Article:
The shrinking U.S. dollar is pushing the compensation of many London bankers well ahead of their New York brethren's. But don't listen for a giant sucking sound on this side of the Pond.
Base salary figures cited by recruiters on both sides of the Atlantic indicate first-year associates earn as much as 30 percent more in London than their peers in similar roles in New York. But while arbitrage may be the lifeblood of both Wall Street and the City of London, few individual bankers relocate in order to pocket the difference - which is partially eroded by London's dramatically higher cost of living.
Selected numbers quoted by various headhunters point to a widening compensation gap. John Durrant, a recruiter with Selby Jennings in London, says investment banks there are offering 58,000 - 65,000 base salary for first-year associates with a quant Ph.D., in functional areas such as quantitative research and strategy, model validation, or algorithmic trading systems. Bonuses vary but the median has been roughly 100 percent of base, he says.
At Monday's sterling exchange rate of $2.06, that translates to $120,000 - $133,000 base, and $240,000 - $266,000 total compensation.
Similar roles in New York carry a base of $100,000 - $125,000, says Ken Murray, president of Mercury Partners in New York. He pegs bonuses for these roles at "50 percent-plus," with wide variations. Other recruiters quoted similar or somewhat lower ranges.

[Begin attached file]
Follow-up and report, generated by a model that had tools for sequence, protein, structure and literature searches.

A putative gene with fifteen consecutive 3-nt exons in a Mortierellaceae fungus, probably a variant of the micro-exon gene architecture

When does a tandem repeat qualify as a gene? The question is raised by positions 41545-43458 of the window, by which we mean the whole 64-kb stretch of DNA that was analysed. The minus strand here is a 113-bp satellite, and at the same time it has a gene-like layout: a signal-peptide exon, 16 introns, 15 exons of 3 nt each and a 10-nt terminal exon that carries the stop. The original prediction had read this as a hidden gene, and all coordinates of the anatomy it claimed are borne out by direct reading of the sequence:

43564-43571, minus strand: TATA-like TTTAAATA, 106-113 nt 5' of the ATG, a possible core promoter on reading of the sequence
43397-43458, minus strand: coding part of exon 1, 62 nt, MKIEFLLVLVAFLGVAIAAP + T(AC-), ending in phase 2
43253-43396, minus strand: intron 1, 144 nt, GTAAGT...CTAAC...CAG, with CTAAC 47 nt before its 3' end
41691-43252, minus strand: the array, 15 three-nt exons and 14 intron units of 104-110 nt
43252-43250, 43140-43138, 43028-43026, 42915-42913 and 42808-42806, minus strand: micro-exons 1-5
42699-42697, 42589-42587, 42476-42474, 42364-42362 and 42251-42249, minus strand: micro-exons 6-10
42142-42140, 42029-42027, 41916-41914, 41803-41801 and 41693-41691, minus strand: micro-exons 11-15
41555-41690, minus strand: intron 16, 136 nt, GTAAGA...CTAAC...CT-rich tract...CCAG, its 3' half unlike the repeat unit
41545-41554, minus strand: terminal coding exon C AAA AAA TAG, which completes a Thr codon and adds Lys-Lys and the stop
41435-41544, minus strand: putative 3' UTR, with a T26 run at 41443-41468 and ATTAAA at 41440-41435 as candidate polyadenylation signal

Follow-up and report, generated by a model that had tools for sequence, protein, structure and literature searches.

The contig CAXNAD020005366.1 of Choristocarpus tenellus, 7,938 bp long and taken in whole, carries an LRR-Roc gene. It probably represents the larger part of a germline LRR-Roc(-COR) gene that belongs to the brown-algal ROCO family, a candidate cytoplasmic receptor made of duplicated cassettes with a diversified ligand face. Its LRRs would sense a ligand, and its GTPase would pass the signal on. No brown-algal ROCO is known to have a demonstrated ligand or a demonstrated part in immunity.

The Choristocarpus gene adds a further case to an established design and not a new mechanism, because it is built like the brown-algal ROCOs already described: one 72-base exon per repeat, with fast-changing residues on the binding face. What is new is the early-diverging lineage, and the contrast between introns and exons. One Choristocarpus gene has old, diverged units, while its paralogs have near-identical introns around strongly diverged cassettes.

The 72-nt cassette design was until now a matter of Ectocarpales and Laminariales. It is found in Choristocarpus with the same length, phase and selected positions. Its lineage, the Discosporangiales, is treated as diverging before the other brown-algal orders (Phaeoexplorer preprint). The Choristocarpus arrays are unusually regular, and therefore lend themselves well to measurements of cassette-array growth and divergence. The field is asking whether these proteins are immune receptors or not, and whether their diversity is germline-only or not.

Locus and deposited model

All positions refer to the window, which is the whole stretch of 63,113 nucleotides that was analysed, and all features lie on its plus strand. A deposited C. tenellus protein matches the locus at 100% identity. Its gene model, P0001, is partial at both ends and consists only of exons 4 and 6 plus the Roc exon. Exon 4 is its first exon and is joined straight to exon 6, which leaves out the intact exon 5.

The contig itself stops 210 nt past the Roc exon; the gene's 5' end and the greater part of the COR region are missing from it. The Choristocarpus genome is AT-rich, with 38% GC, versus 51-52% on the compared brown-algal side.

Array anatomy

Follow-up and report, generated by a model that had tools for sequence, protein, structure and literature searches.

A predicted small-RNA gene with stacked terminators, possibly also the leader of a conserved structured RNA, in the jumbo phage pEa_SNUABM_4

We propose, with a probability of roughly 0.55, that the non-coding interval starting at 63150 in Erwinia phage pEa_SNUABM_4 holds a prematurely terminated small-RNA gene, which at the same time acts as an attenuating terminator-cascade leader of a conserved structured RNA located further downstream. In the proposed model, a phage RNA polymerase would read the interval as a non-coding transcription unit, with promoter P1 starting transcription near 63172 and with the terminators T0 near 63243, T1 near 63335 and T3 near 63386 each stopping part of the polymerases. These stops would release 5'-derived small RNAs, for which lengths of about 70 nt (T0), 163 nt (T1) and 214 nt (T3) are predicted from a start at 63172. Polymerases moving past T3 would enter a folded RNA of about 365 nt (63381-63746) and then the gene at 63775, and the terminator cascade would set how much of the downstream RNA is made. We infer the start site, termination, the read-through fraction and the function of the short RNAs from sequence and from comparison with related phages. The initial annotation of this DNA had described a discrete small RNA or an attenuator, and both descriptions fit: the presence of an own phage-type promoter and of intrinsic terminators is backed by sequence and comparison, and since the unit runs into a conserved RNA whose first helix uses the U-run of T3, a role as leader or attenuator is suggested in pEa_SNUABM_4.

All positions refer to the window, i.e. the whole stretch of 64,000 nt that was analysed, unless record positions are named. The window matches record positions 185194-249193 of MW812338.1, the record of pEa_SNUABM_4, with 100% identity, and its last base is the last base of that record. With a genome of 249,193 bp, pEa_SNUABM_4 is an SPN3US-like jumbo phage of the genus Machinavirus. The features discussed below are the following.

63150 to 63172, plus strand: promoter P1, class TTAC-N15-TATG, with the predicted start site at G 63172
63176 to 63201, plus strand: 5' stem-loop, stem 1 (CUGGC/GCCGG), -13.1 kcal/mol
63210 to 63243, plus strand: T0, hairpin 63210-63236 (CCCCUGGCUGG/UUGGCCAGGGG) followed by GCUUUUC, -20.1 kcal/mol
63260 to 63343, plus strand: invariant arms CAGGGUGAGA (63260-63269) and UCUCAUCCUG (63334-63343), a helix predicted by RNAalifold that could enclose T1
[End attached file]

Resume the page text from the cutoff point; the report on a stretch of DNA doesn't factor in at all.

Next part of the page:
For first-year investment banking associates coming out of MBA or analyst programs, Selby Jennings Principal Consultant Tom Robson quotes a London base range of 60,000 - 75,000, though he calls the upper figure "quite exceptional." He says bonuses can be as little as 50 percent of base, or as much as 150 percent, depending on an individual's rank within the team. Again taking 100 percent as the midpoint, the equivalent range in dollars would be $124,000 - $155,000 base, and roughly $250,000 - $300,000 total compensation.
The same position in New York comes with a $95,000 base, says Murray. The annualized bonus for last year's hires was typically close to 100 percent, although Murray expects it to be substantially lower this year.
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Despite the sizable-looking gap, people don't transfer across the Pond to capture pay differentials. The few trans-Atlantic moves that do occur often involve candidates from third countries such as France, pursuing opportunities within French banks in major financial centers.
"No one really comes or goes to the U.S. from London for the comp," says Sanjeev Sharma, a recruiter at Michael Page International in New York. When the question of location arises at all, Sharma says it usually revolves around medium- to long-term opportunities rather than current compensation. For instance, working in the U.S. offers the chance to be involved in the very largest deals. London's attraction lies in its greater exposure to the rapidly growing markets of eastern Europe, the Middle East and Asia. Energy and commodity markets also have a higher profile in London.
Trading New York for London may bring higher pay, but not a higher standard of living, Sharma says. And the exchange rate notwithstanding, a banker moving from London to New York shouldn't expect to be offered a dollar salary that's double his former sterling-denominated figure. "Their comp over there has a lot less to do with the offer they're going to get here," Sharma says. He'll look at a candidate's U.K. compensation as a gauge of their performance, "but it isn't a benchmark of what they'll get offered here."